Alcohol Addiction in the United States
Alcohol or ethanol/ethyl alcohol is the primary ingredient found in beer, wine, and spirits, which creates intoxicating effects. Alcohol is a sedative-hypnotic drug, which means it attacks the central nervous system, ultimately depressing it. However, a small amount of alcohol does act as a stimulant and produces a feeling of euphoria and excited behavior. When you consume too much alcohol, it leads to drowsiness, respiratory depression, coma, and even death. Large amounts of alcohol in a short time lead to a lethal dose causing alcohol poisoning. Alcohol has an effect on every organ in the body, and these effects depend on the blood-alcohol concentration or BAC.
What happens when you drink alcohol?
Alcohol affects the body in many different ways physically and psychologically. Once alcohol is consumed it is rapidly absorbed into the blood, essentially moving throughout the entire body. Your liver is the organ that breaks down the ethanol at a rate of one standard drink per hour. If you are consuming three to five standard drinks per hour, you become intoxicated rapidly, which leads to a hangover because it will take days for your liver to process all the excess alcohol. A small amount of alcohol leaves the body through the skin, breath, and urine. Your BAC varies depending on the amount of alcohol consumed and other individual factors. The individual factors are your body type, age, gender, and how well your liver breaks down alcohol.
Around 20% of the alcohol passes through the stomach into the blood. If your stomach is empty the alcohol moves quickly down into the intestines. The remaining 75 to 85% of alcohol is absorbed through the small intestine into the blood. The alcohol is quickly moved around the body, and the liver acts as a filter and breaks down up to 90% of the alcohol. However, the liver is limited to how much it can break down at one time. Alcohol makes your kidneys work harder, and they produce up to 10% more urine leaving the body. The alcohol quickly moves to your brain, and effects are felt within five to ten minutes after drinking. When alcohol affects the brain it causes mood changes, which are then amplified with the more you drink.
The Abuse of Alcohol in America
On average, there are six people every day who die of alcohol poisoning in the United States, per the CDC. Around 76% of the alcohol poisoning deaths are among adults ages 35 to 64, which is three in four adults. Roughly 76% of those who die from alcohol poisoning are men, and men are more likely than women to drink alcohol excessively. Men are also more likely than women to engage in risky behavior after drinking excessively. According to the CDC, roughly 58% of men report drinking alcohol in the last 30 days, and 23% report binge drinking five times a month, averaging eight drinks per binge drinking session. In fact, men are two times more likely to binge drink than women.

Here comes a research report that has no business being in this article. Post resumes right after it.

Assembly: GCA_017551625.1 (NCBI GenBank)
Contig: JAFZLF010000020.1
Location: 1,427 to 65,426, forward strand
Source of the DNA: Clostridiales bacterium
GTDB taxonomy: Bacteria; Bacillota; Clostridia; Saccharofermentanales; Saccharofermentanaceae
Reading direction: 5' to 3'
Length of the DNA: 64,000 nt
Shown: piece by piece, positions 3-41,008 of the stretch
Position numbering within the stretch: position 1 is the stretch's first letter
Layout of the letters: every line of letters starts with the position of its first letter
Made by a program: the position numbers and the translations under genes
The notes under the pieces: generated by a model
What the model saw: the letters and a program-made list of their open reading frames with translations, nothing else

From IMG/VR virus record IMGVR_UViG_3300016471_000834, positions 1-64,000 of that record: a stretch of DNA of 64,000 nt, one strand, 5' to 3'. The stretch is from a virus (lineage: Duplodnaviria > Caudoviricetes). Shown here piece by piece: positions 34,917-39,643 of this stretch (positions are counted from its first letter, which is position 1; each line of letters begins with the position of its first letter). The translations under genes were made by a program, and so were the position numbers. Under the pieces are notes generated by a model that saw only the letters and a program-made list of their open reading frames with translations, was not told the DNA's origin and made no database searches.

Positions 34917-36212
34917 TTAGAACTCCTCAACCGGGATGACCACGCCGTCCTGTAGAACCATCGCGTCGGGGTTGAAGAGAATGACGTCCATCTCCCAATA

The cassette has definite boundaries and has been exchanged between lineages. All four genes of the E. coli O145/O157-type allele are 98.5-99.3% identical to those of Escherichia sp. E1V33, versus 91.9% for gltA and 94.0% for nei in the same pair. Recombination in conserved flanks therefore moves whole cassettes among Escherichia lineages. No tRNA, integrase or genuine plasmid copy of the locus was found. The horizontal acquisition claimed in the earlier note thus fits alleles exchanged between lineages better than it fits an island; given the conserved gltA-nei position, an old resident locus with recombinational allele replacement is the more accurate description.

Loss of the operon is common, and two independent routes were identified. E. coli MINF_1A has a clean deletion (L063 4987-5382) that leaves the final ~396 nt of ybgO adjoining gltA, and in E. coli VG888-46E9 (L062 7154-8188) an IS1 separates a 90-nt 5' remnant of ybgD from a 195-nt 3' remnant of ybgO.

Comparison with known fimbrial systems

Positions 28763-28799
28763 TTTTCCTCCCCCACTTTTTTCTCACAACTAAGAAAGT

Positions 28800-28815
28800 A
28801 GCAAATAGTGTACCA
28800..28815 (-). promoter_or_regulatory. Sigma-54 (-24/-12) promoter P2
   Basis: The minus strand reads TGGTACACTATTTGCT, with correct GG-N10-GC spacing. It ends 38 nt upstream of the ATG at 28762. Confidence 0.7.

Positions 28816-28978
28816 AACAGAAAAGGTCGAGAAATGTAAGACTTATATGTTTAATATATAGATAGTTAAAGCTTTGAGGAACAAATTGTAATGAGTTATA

The gender differences, body structure and chemistry cause women to absorb more alcohol than men. Within a woman’s body, it takes longer to break down alcohol and remove it. When women drink, they develop a higher blood-alcohol content than men. Roughly 46% of adult women reported drinking alcohol in the last 30 days, per the CDC. Around 12% of adult women reported binge drinking three times a month, and 2.4% of women in the nation meet the criteria for alcohol dependence. Alcohol-related deaths are one of the nation’s most preventable causes of deaths, second only to tobacco. Per the CDC, more than 88,000 Americans die from alcohol-related deaths each year.
Alcohol kills Americans every year, creates devastating addictions, destroys lives, and is abused by people of all ages and backgrounds. For example, alcohol-impaired driving accounts for more than 30% of all driving fatalities every year. Roughly 15 million people in the country struggle with an alcohol use disorder, but less than 8% receive alcohol addiction treatment. According to the Substance Abuse and Mental Health Services Administration, more than 65 million Americans reported binge drinking in the past month, and teen alcohol use kills 4700 people each year. The National Institute on Alcohol Abuse and Alcoholism reported that impaired driving costs the United States close to $2 billion dollars every year. If one of your family members is struggling with alcohol addiction, it is important to contact Newman Interventions and organize an intervention. Professional intervention is the best way to help an alcoholic realize they need treatment.
Works Cited – SAMHSA Substance Abuse Survey 2016 – Sept 21/19
National Institute of Health, Alcohol Facts – Sept 21/19
Centers for Disease Control Alcohol Poisoning Deaths – Sept 21/19
Centers for Disease Control Alcohol Facts – Sept 21/19
Alcohol and its Effects – Sept 21/19
National Institute on Alcohol Abuse and Alcoholism, Standard Drink – Sept 21/19
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